MBA changing hard drive and effect on warranty

Discussion in 'MacBook Air' started by Mike84, Dec 6, 2010.

  1. macrumors 6502a

    Joined:
    Jun 23, 2010
    #1
    Hello,

    My understanding, from reading here on the forums, is that the MBA can have the hard drive changed. I am not sure when, if they haven't started yet, other manufacturers are going to make replaceable SSDs, but if they were available and one were to change it, what is the effect on the Apple Care warranty?

    I myself, have not gone through all the terms and conditions on the warranty, but I'd imagine that any hard drive issues would not be covered by Apple, which makes sense. However, what happens to other aspects of the computer? Will Apple simply void the warranty and you will be SOL?
     
  2. macrumors member

    Joined:
    Jun 22, 2009
    #2
    With previous laptops Apple has always made it easy for the user tp replace the HDD. Just because they made it a lot harder to do now a days shouldn't void the warranty. It would be wise to keepthe original HDD just incase but I think when they finally release SSD upgrades Apple will not view it as voiding your warranty. Only way to really find out though is to ask them lol.
     
  3. thread starter macrumors 6502a

    Joined:
    Jun 23, 2010
    #3
    Wirelessly posted (Mozilla/5.0 (iPhone; U; CPU iPhone OS 4_2_1 like Mac OS X; en-us) AppleWebKit/533.17.9 (KHTML, like Gecko) Version/5.0.2 Mobile/8C148 Safari/6533.18.5)

    Ha. Your right. Thanks.
     
  4. macrumors regular

    Joined:
    Aug 8, 2006
    #4
    My understanding is that you need original parts or they (Apple Care) won't touch it. I dont know about upgrades you buy through Apple and install yourself.
     
  5. macrumors Westmere

    GGJstudios

    Joined:
    May 16, 2008
    #5
    It voids the warranty.

    Here's the general statement regarding user-installable parts:
    Apple Warranty: Installing Memory, Expansion Cards, User Installable Parts Does Not Void Warranty
    However, that doesn't apply to the MacBook Air:
    From MacBook Air (13-inch, Late 2010) - User Guide:
     
  6. macrumors member

    Joined:
    Feb 20, 2010
    #6
    Nice info GGJ! However, does that stop an Apple authorised reseller/repairer performing the upgrade for you (assuming the Toshiba/Photofast/other blade type SSDs ever come to the market, not just OEM)? Presumably you'd pay an extra 50 or so (£$€ anyway) but people have been describing it as a 20 minute job for a decent technician... I'd be happy(ish!) paying a little extra to keep the warranty if I could upgrade my 13" MBA from 256 to 512. That was my hope when buying, that by the time I'd filled the HD, 512GB blades would be available, but the fact Toshiba seems to be OEM only, and that Apple have asked photofast to pull production of theirs, seems to make this less likely sadly.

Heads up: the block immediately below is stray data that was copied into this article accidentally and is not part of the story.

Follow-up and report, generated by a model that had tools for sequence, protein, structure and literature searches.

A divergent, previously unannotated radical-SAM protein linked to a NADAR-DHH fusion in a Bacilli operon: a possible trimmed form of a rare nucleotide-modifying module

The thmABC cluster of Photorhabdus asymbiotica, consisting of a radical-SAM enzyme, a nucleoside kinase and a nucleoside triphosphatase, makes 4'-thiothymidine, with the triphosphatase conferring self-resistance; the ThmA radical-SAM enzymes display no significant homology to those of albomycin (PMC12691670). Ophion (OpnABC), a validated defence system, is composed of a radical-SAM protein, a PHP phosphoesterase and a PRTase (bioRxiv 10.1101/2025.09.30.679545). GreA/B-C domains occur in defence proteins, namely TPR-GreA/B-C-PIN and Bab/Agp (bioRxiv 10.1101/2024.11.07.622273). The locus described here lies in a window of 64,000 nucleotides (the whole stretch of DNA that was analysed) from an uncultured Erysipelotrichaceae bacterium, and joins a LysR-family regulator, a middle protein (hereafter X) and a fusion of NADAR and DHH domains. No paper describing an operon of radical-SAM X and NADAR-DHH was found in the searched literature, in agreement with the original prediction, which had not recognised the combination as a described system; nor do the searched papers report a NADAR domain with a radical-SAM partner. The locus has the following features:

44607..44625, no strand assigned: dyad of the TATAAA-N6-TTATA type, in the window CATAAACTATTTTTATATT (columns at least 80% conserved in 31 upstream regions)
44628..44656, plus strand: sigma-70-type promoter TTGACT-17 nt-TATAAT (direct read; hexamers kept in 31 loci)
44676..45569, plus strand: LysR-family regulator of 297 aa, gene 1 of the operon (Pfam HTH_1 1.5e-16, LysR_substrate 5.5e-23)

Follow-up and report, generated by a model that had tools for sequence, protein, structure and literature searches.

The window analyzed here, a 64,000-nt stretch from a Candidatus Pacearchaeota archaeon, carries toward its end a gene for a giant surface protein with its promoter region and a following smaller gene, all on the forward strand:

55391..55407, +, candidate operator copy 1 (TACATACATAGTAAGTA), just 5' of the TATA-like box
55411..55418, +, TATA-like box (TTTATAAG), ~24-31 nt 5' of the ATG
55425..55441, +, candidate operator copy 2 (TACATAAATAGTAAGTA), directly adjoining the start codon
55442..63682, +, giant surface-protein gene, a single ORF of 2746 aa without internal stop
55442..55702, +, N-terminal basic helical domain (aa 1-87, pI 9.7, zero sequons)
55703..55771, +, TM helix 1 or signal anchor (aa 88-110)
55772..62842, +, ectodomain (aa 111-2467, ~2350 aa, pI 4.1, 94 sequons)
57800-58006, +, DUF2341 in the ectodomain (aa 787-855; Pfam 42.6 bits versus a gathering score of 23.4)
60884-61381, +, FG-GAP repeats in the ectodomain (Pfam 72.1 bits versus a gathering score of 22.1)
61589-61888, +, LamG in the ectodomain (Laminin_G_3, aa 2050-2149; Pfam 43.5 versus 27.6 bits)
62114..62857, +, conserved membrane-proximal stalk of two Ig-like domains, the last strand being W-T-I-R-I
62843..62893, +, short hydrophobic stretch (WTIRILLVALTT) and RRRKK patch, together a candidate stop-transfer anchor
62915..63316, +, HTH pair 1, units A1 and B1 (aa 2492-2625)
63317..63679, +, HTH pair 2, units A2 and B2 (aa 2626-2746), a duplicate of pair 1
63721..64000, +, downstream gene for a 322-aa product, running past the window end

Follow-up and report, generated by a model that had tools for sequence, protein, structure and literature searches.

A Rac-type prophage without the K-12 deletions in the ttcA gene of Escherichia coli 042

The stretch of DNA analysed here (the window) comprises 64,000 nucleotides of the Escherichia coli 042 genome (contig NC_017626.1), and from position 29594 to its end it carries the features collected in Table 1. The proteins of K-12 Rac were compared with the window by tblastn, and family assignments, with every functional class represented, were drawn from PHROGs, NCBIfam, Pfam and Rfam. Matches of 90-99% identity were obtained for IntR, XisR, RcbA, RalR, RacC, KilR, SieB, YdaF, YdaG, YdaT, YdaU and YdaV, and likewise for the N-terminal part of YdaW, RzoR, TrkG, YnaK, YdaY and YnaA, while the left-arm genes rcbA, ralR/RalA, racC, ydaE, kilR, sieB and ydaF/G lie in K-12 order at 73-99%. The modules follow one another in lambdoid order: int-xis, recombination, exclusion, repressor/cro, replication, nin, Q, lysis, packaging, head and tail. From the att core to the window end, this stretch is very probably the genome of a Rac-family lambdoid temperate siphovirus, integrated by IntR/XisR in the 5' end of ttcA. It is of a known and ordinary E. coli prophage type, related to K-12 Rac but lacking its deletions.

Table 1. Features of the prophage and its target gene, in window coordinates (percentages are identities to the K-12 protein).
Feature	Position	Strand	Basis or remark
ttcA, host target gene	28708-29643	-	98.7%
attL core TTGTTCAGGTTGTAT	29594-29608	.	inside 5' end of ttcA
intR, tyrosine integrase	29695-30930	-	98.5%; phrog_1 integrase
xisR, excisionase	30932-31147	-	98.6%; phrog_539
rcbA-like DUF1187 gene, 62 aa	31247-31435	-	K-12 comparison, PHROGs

Oh and someone somewhere said that when you get the official apple kit to strip down the inside of the MBA, it comes with the correct tool but also some plastic protector for the batteries so you don't puncture them accidentally as they have very thin walls - eeek! Have been happy with swapping HDs and Ram, airport cards etc in G3 and G4 Powerbooks, Macbooks etc, but that sounds scary!
     
  7. macrumors 6502a

    Joined:
    Jun 9, 2010
    #7
    This is also false. If you own a macbook or macbook pro (which has user-accessible parts according to apple) you DO NOT need to keep the original HDD and/or RAM (the only 2 parts apple considers user accessible).

    The air, as was stated before, according to apple DOES NOT have user accessible parts. Therefor swapping anything voids the warranty. A big reason I DID NOT buy one.

    I went with the MBP as it is much more user-friendly when it comes to upgrades/options.
     
  8. macrumors 6502a

    Joined:
    Dec 13, 2008
    #8
    Yep. Even the MBP has instructions, in the manual, about changing those user-accessible parts. One reason, I'm keeping my MBP for quite some time. I have future upgrade plans for it, and none of them involve voiding my warranty.
     

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